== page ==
If there are late heavy rains, after vines and trees have already produced dense leaves,  the risk of mildew is increased. This problem ruined all our grapes a couple of years ago. After this experience we discovered that a thorough copper spraying could have saved both leaves and fruit before the problem became acute. It’s also useful on pear and apple trees if you see any evidence of fire blight disease. This is when the tips of leaves and shoots blacken and droop into crook shapes. Remove and burn any black parts and then spray the whole tree with copper spray, reapplying in a fortnight if the tree is still looking poorly.

Although copper spray is certified for use by organic gardeners, if you wish to go even further down the green road some gardeners claim that liquid seaweed achieves much the same results. This is said to work by boosting beneficial fungi which then counteract any bad ones.

Courgettes and the dreaded wood louse …

Courgettes do well in Mallorca and I often end up berating myself for producing too many as they don’t freeze or store well, and by their final demise the family can be in open revolt about finding another one gracing the dinner table. In this situation it’s a godsend that the hens will happily feast on the excess so I can convince myself they’re not being wasted. To be honest, the hens are invaluable at soothing my conscience about “throwing away” all left-overs.Image

Back to the courgettes though, this year although the plants are very healthy, so are the wood lice. In fact every female wood louse within a kilometre radius appears to have told her friends that there’s a courgette patch close by ready for them to dump their collective off-spring in. As every big yellow bloom pokes its head out of the leaves, it’s instantly filled with tiny woodlice which start devouring the courgette as soon as it’s as long as a toothpick. I object to harvesting half-eaten vegetables so I’ve taken to picking them when I see the first signs of wiggling in the shrivelled flower, but the infestation still seems to be getting worse.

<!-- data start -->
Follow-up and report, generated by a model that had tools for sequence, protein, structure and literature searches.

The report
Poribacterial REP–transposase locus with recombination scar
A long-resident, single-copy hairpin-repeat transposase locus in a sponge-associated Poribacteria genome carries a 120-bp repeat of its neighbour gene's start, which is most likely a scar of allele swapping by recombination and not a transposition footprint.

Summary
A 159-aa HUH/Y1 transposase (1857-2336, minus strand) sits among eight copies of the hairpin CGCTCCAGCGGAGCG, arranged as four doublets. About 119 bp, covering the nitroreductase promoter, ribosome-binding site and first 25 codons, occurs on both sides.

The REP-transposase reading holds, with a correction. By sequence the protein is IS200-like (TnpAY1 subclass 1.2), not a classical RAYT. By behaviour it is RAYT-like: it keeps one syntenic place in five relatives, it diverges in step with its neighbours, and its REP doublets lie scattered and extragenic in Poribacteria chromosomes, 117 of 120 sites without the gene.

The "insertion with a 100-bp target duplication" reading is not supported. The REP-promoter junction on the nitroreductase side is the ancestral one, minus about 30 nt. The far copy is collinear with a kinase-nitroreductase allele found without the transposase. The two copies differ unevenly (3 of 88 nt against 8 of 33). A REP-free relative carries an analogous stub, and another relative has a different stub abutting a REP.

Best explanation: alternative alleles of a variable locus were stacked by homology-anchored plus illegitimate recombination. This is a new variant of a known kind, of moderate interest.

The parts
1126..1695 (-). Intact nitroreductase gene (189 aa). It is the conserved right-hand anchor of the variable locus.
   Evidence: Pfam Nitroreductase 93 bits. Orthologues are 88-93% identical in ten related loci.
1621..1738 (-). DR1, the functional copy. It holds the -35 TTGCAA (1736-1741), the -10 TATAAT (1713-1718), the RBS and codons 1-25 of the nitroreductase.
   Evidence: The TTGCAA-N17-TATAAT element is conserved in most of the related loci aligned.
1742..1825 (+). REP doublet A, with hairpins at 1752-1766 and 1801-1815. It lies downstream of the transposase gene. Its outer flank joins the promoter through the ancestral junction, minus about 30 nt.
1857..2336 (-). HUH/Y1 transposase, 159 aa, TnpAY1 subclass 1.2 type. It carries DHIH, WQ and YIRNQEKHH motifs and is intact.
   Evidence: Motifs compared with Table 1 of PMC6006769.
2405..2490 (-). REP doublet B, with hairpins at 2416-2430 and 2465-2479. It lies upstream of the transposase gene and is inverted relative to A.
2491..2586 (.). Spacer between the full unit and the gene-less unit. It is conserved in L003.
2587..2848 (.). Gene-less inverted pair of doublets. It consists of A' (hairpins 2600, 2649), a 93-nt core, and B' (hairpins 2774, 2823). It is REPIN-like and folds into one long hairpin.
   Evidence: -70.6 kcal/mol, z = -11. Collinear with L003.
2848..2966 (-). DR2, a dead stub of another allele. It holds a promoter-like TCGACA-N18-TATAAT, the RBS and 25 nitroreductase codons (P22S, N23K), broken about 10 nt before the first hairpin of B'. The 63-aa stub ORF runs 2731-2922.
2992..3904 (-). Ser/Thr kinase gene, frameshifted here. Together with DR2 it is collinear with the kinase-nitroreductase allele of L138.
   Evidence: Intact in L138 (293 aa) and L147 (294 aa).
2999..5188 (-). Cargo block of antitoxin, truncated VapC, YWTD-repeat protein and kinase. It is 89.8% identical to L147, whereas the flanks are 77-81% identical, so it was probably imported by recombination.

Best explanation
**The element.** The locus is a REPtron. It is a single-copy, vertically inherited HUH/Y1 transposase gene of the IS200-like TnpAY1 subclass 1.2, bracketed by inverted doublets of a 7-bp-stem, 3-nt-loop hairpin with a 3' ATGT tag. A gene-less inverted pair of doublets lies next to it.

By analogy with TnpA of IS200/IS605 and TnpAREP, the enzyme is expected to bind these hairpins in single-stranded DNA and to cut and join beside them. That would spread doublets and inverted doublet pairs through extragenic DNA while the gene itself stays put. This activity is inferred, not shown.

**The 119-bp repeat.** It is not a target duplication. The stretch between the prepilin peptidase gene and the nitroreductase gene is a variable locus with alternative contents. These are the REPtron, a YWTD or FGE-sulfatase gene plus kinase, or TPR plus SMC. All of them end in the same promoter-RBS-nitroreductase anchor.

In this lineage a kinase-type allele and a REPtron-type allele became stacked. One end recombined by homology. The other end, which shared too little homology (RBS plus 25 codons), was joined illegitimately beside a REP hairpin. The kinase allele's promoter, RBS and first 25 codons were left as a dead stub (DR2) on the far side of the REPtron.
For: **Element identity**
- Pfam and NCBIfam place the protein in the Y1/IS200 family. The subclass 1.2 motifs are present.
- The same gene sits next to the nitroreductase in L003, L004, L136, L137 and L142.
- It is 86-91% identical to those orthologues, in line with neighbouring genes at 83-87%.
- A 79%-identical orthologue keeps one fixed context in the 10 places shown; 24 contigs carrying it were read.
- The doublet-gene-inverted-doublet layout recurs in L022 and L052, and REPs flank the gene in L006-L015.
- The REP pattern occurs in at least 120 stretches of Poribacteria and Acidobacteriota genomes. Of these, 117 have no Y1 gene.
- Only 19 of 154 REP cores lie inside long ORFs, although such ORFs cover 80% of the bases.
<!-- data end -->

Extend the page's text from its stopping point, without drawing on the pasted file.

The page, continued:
It goes against all the ideas of “knowing what’s in your food” to annihilate them with some devastating toxic mix of chemicals, so I consulted the internet for a remedy that allows me to feel “greenish” whilst still murdering them in their thousands.

The first information to pop up is that I should love my louse as, not only are they related to crabs and lobsters, but they act like earthworms in the garden by breaking down soil and compost. After that comes a post entitled: “How to look after a pet wood louse”. I am beginning to feel that my genocidal instincts are embarrassingly out of place.

But … there really are far too many of them for all of us to live in harmony, however useful they may be on the compost heap.

Finally, a post on how to kill! The wisdom seems to be to put in a drip watering system so that the ground is never damp, as they really like soggy soil. However, as a quick fix, put out boiled potatoes, orange shells and over-ripe strawberries on a damp newspaper. This banquet should lure the babies away from your courgettes, or other fruit and veg, during the night. In the morning roll up the heaving mass of squidgy news print and throw the whole thing in the hen house for them to breakfast upon, or on the compost heap if you’re feeling philanthropic.

I hope it works!